The ACIS focal plane contains ten MIT Lincoln Laboratory CCID17 detectors. The CCID17 is a three-phase, frame transfer imager with 1026 rows of 1024 columns in each of the imaging and framestore areas. The pixels in the imaging area are 24 microns square. The device is served by four output nodes which are (usually) operated in parallel. ACIS flight detectors are fabricated of high-resistivity silicon () to maximize depletion depth and, therefore, high-energy X-ray detection efficiency. Flight CCDs have been fabricated in both front-illuminated and back-illuminated configurations. In this paper, we confine our discussion to the front-illuminated devices.
The engineering model ACIS focal plane is shown in Figure 1. The focal plane consists of ten detectors, organized into two arrays. The devices in the 2-chip-by-2 chip ACIS-I array are intended primarily for high-angular resolution, wide-field imaging, and are therefore tilted to conform as nearly as possible to the highly-curved focal surface of the AXAF High-Resolution Mirror Assembly. The linear, 6-chip-long ACIS-S array is intended primarily for use with the AXAF High-energy Transmission Gratings (HETG) . The ACIS-S detectors are oriented to conform to the Rowland circle of the HETG. The gaps between adjacent CCDs are typically 300 microns wide, and are in no case more than 500 microns wide. In orbit, the focal plane is radiatively cooled to a temperature of -120 C. This relatively low temperature minimizes the sensitivity of the detectors to damage from energetic protons encountered on-orbit.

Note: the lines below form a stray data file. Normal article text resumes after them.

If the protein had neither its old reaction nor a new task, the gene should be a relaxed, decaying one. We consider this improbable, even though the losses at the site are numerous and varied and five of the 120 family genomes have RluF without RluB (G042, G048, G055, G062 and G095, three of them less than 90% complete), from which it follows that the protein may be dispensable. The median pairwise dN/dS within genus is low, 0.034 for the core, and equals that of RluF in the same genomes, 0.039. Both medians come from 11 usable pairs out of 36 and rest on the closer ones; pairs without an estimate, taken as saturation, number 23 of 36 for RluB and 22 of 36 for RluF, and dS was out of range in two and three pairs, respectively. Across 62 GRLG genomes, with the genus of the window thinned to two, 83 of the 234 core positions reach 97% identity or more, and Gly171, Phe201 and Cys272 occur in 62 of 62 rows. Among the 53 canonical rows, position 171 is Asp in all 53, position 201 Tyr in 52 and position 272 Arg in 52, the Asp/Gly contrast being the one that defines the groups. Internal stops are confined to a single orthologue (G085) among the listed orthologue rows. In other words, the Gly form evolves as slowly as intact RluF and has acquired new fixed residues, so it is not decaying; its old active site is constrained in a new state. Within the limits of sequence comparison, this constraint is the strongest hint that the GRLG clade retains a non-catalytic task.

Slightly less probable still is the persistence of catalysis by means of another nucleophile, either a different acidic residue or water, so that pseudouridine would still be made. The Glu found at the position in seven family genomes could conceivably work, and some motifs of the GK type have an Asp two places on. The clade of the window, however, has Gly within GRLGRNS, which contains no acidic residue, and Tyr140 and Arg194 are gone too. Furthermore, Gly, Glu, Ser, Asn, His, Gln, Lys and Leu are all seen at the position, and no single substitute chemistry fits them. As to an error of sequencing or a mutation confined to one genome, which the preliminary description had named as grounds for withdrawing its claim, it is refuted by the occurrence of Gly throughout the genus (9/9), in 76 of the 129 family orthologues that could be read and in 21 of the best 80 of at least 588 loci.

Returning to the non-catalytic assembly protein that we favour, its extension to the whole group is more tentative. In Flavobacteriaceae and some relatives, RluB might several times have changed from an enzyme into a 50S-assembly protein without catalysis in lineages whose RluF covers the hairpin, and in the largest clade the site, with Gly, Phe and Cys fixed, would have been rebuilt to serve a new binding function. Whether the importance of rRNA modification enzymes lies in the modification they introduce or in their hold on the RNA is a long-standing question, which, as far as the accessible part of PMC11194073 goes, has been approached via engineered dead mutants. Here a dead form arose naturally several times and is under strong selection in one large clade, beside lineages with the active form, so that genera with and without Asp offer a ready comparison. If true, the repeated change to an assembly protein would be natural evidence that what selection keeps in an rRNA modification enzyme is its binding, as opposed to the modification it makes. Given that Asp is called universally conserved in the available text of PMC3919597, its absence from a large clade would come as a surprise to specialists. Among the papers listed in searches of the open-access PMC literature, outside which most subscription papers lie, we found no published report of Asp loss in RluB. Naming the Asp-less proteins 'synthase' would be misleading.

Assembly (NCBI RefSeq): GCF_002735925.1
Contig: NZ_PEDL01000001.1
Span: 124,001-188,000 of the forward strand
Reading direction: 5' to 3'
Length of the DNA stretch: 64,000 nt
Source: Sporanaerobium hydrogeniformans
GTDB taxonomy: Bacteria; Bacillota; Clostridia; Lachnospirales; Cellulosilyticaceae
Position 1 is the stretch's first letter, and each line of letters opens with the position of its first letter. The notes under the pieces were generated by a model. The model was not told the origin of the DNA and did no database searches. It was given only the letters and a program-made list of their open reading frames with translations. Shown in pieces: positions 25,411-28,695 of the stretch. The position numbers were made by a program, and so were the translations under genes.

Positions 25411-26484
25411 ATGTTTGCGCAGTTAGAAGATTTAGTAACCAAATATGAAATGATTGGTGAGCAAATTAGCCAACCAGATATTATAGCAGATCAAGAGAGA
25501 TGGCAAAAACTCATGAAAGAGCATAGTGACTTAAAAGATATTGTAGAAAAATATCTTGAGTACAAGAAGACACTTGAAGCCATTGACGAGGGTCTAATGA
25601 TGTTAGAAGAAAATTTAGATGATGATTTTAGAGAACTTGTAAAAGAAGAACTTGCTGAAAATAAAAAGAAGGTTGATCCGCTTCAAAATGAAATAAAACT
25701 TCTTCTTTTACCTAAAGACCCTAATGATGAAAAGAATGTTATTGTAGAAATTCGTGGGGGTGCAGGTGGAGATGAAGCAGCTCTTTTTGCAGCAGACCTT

Figure 1: The ACIS CCD focal plane. The ten CCD detectors are arranged in two subarrays. The 2-by-2 detector subarray supports wide-field imaging. The 1-by-6 detector subarray supports transmission grating spectroscopy and narrow-field imaging. The engineering model is shown here; the flight detector configuration is identical.
The ACIS focal plane is served by a low-noise ( RMS) detector electronics assembly which contains a dedicated signal chain for each of the 40 CCD output nodes in the focal plane. Each signal chain operates at a rate of 100 kpixels s, allowing a full detector readout in less than 3 seconds. The clock sequences produced by the detector electronics are programmable, so a variety of CCD readout modes are available.
Raw digital data from the detector electronics passes to a high-throughput digital processing assembly which can service as many of six operating CCDs simultaneously. The digital processing hardware and software determine the CCD bias (energy zero-point) level on a pixel by pixel basis, extract X-ray event information from the incoming data stream, and format and buffer that data for telemetry to the ground.
ACIS requires optical blocking filters to reject out-of-band radiation (mainly optical and UV light). Calibration of these filters, which is a critical part of the ACIS calibration program, is described elsewhere. [9,10]